The Bilateral Breathing Debate For Swimmers

Most swimmers have a side that they are most comfortable breathing to. Bilateral breathing is swimming jargon for breathing to both sides and appears to be a very controversial topic in the swimming world.

Bilateral breathing is thought to help develop a more symmetrical stroke. Some argue that many stroke flaws may develop when you breathe to one side. Such stoke flaws may include crossovers, scissor kicks, timing problems, poor catch technique – which may contribute to, or even cause, shoulder injuries.

When you only breathe to your dominant side, you will rotate poorly on your non-dominant side. Poor rotation can cause your recovering arm to swing low over the water and the swinging momentum of that arm causes it to cross the midline. This results in a lopsided stroke and poor efficiency.

Do elite swimmers practice bilateral breathing? It’s common for elite swimmers to breathe to one side when they are racing – often to keep an eye on an opponent, or in open water to avoid looking towards the sun or into waves. However, they will often practice bilateral breathing while they are training in order to keep their stroke technique symmetrical and avoid injury.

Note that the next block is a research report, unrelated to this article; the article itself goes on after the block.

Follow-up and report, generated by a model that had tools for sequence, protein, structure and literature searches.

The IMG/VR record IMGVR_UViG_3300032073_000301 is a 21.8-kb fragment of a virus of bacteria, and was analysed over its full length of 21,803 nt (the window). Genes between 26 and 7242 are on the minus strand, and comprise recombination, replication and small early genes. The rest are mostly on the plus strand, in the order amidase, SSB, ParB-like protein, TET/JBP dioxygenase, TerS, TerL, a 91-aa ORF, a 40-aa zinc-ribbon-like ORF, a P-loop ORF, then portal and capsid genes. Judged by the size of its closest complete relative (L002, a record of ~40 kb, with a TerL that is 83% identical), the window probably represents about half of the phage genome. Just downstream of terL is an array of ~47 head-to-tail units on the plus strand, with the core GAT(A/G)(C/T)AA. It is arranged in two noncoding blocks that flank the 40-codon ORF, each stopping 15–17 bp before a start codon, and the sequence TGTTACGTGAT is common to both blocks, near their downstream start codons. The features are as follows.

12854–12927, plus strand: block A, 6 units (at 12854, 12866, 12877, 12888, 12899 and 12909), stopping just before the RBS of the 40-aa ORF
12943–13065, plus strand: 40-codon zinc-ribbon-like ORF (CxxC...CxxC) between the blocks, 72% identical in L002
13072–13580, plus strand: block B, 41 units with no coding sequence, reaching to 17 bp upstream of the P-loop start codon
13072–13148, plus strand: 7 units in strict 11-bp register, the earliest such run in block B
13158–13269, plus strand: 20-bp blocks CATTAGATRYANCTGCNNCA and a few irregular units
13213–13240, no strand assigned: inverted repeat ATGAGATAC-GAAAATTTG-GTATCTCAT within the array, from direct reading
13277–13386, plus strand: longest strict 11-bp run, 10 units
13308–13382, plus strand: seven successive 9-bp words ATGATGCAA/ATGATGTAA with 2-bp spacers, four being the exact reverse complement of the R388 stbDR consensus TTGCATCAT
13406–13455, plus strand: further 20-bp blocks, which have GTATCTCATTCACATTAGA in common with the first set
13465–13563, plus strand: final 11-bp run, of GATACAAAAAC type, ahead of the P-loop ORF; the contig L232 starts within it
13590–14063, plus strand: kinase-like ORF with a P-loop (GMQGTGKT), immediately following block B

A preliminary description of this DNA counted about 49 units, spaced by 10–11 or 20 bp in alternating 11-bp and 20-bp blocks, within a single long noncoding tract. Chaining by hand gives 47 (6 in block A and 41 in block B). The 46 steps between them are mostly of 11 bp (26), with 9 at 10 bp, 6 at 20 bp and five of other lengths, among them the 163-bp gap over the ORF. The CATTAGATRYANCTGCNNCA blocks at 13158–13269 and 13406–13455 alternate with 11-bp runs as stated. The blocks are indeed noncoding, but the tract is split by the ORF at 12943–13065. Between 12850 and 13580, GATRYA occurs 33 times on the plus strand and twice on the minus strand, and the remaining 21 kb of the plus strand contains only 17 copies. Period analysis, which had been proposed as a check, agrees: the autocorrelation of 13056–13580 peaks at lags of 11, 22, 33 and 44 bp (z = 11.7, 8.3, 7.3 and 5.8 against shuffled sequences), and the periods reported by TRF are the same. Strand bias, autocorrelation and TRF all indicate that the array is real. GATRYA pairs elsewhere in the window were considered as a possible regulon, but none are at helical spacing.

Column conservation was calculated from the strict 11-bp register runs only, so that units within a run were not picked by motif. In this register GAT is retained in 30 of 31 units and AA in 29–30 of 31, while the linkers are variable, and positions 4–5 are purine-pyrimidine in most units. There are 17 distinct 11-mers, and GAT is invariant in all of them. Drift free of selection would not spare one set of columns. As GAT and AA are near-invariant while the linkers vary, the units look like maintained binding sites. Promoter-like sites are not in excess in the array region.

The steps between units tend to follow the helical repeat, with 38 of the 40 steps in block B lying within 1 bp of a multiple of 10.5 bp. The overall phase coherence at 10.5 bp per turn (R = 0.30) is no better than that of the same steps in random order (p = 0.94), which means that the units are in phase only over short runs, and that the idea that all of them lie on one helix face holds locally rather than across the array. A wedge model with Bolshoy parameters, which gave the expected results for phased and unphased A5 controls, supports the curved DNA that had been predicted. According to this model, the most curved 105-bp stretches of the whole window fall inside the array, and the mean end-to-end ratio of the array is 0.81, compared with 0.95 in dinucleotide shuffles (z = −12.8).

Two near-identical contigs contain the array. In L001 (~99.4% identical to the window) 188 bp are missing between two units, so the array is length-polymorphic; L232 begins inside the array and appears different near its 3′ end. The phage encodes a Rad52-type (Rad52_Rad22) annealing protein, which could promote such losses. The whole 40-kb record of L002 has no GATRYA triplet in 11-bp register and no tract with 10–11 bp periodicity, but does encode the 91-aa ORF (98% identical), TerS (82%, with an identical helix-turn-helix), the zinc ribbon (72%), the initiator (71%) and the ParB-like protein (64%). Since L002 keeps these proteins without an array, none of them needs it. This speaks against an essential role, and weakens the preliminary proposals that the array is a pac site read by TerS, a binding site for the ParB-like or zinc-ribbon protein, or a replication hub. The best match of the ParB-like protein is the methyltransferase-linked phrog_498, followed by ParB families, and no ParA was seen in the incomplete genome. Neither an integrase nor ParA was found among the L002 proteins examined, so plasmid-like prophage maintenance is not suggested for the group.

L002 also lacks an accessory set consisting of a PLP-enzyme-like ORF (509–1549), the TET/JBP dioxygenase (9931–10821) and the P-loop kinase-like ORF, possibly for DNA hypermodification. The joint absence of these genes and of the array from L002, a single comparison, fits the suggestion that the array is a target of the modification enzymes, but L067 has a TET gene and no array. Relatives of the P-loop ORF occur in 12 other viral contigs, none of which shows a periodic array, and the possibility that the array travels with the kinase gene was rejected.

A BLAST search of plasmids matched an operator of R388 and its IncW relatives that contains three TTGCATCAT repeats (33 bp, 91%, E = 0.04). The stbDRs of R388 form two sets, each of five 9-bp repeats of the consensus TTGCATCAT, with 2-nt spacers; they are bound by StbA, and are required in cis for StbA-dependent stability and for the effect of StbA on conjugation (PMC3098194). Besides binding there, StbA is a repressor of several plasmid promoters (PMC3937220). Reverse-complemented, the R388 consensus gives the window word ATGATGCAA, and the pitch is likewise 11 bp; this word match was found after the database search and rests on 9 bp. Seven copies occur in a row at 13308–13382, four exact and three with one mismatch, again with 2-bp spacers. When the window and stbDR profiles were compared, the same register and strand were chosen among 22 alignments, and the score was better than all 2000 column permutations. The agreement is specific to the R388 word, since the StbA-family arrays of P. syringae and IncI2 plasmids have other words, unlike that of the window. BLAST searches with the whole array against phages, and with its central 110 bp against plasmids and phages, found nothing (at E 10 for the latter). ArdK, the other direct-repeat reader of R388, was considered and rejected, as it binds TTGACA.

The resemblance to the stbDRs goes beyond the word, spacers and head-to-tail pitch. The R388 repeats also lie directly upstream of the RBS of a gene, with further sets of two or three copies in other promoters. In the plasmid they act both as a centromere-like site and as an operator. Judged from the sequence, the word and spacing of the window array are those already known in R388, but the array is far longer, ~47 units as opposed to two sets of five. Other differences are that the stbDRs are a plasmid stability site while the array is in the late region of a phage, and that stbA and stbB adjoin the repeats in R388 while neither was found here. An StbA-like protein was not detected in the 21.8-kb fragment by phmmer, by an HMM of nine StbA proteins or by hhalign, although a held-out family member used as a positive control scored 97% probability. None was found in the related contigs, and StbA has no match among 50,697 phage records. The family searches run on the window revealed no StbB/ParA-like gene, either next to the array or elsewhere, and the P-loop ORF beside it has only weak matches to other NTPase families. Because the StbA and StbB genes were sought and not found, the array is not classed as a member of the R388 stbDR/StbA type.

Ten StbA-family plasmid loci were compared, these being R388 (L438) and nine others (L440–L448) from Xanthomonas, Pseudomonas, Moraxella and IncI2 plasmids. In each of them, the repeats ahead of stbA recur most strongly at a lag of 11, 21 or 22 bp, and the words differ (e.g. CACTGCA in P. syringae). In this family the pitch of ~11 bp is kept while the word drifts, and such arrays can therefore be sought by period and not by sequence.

Here are a few different ways to try bilateral breathing:

  • Breathe every 3 strokes (or every 5 or 7) i.e. swap sides every time you breathe.
  • Breathing 2-3 times in a row to one side before swapping to the other side.
  • Breathing one side for a full length of the pool before swapping sides.

Try adding some bilateral breathing into your swimming training – it will help you develop a more symmetrical stroke, help reduce risk of injury and train your respiratory system to manage its oxygen intake more efficiently.

If you have a niggly shoulder from swimming, come in and see your Physiotherapist at Bend + Mend in Sydney’s CBD for more specific injury management and advice.

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